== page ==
Nigiri, a slice of fish squeezed atop a strip of rice, should be turned upside down by rotating it counter clockwise, then dip only the fish into your soy sauce, never the rice. Not only will the rice absorb too much soy sauce and change the texture of the bite, leaving rice behind in your bowl is amateur, (preparing the vinegared rice properly is also part of the sushi art).
Sushi pieces such as unagi (eel) and those with sauce already on top should not be dipped.
To really appreciate sushi, pieces should be placed in your mouth upside down so that the fish is against your tongue. Allow your tongue to experience the range of flavours before processing your bite.
Other Sushi Facts;
Sushi originated outside of japan, although the Japanese get full credit for what we call sushi today, the inspiration for sushi is thought to have started in Southeast Asia. Nare-zushi, fermented fish wrapped in sour rice, originated somewhere around the Mekong River before spreading into China and ultimately Japan. The concept of modern-day sushi was invented in Japan by Hanaya Yohei sometime around the end of the Edo period.
Sushi caught on originally as a cheap, quick snack to eat with the hands while enjoying a theatre performance.
Your wasabi is probably not real wasabi. Real wasabi comes from the root of the wasabia japonica plant, not horseradish. The powerful burn of wasabi comes from naturally antimicrobial chemicals in the plant, the perfect complement for consuming raw seafood which may contain parasites.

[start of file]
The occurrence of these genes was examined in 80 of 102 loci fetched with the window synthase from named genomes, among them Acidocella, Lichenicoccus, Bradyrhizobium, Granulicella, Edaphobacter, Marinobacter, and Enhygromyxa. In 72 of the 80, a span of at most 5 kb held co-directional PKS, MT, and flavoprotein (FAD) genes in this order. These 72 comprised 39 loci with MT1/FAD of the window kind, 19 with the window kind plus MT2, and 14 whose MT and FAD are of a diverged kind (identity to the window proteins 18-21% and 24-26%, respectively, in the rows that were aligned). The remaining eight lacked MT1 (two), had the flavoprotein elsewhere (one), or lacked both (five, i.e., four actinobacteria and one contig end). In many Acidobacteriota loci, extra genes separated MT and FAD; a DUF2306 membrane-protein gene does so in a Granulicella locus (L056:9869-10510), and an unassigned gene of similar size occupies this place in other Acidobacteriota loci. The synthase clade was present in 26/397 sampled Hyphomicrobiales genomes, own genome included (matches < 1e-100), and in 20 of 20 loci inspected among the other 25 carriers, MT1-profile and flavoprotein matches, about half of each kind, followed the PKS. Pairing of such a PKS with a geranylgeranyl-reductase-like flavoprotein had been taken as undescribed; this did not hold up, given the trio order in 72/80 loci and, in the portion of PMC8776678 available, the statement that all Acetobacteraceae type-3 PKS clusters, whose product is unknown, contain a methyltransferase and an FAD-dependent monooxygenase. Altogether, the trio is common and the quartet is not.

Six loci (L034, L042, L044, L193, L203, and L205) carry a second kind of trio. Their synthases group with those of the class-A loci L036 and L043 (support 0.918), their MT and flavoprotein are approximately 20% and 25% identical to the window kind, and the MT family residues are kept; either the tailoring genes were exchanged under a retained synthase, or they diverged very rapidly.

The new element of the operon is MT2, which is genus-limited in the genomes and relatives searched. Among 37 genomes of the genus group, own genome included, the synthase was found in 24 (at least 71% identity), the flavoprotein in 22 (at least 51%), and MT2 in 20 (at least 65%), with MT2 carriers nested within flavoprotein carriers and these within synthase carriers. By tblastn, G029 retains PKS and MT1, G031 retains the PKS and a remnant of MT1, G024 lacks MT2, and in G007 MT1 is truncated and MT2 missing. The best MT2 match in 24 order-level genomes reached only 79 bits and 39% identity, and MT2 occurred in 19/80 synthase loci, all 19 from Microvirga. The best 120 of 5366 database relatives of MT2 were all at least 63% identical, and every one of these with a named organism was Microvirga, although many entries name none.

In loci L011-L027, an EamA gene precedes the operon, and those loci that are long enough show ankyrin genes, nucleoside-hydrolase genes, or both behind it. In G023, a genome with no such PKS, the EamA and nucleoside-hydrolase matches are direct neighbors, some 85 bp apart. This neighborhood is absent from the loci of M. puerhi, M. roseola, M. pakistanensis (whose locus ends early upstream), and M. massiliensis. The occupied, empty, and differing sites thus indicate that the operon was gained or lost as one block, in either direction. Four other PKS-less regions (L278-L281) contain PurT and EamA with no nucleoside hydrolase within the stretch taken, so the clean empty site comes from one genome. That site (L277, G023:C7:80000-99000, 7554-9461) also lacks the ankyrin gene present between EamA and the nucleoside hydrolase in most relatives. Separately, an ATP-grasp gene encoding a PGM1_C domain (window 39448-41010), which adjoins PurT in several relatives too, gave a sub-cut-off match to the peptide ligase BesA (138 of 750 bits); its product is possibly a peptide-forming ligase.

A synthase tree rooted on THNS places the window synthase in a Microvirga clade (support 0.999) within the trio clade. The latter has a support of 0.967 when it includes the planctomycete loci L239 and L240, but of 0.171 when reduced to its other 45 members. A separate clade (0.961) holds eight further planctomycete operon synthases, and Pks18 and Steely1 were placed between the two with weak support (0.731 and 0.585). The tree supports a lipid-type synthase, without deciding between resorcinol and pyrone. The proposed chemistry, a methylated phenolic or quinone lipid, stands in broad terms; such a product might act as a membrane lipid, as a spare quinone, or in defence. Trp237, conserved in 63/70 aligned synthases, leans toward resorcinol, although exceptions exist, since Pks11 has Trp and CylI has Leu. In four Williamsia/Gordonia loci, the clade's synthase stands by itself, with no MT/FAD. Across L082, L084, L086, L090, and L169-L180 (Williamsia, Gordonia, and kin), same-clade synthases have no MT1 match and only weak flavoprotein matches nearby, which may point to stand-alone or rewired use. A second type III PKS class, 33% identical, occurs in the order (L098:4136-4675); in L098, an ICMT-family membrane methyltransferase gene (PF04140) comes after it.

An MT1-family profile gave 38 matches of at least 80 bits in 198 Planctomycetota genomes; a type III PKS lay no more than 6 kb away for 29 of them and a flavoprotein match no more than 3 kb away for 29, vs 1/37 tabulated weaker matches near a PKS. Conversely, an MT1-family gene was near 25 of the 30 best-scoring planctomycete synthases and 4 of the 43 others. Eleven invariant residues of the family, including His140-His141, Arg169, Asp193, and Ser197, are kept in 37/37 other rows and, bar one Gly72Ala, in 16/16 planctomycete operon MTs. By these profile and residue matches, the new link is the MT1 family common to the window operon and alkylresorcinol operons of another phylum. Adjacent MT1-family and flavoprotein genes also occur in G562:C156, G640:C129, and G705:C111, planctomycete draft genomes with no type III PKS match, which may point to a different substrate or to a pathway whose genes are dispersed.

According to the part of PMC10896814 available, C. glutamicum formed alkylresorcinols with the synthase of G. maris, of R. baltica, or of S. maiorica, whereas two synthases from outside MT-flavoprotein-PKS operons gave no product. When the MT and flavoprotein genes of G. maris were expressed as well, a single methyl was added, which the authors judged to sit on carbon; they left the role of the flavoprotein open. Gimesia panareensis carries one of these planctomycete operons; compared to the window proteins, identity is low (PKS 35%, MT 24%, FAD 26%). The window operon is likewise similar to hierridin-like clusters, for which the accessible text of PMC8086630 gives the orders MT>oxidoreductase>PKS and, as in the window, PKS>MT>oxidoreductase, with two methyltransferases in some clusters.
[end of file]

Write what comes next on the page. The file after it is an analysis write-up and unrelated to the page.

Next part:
Authentic wasabi is pricey. The stuff typically provided in sushi restaurants is made from horseradish and mustard powder, then dyed green with artificial dyes to resemble real wasabi.
Originally, sushi rice was never eaten, sour fermenting rice was wrapped around fermenting fish only to aid in the process of creating umami — a unique, sour taste. Once the fermentation process was complete, the rice was discarded and only the fish consumed.
Nori, the seaweed used to wrap sushi, was once scraped off of wooden pier legs and even boats, then pressed into sheets and dried in the sun. Today, nori is cultivated and farmed. Western brands toast nori for safety reasons while many Japanese brands do not.
If the type of sushi precedes the word, sushi mutates to zushi. For instance, maki is maki-zushi; nigiri is nigiri-zushi.
Fugu, or pufferfish, contain lethal amounts of poison in glands and organs. If a chef inadvertently scrapes one with a knife while preparing sashimi, he could potential kill his own customer. To be certified to work with fugu sashimi, chefs in Japan must undergo a rigorous training and certification process — then eat their own finished product! And yes, there have been deaths during the final exams. For centuries, the only law pertaining to the Emperor of Japan is that he can never eat fugu because of the risk involved.
Forget the standard ‘Californian roll’ found at any cheap sushi outlet. The ingredients for maki-zushi — sushi rolls — are chosen by masters so that taste, texture, and even colours complement each other. Rolls are served already sliced into disks so that customers can see the artistic work inside.
Maki-zushi gets its name from the mat. The bamboo mat that gives sushi rolls their cylindrical shape is called a makisu in Japanese. While sushi rolls are the most popular form of sushi in the West, the Japanese typically prefer nigiri — a piece of fish pressed on top of a strip of rice by hand.
Maki-zushi isn’t always rolled in seaweed, although we are most familiar with sushi wrapped in black nori (seaweed), in Japan sometimes maki-zushi is wrapped in soy paper, cucumber, or egg.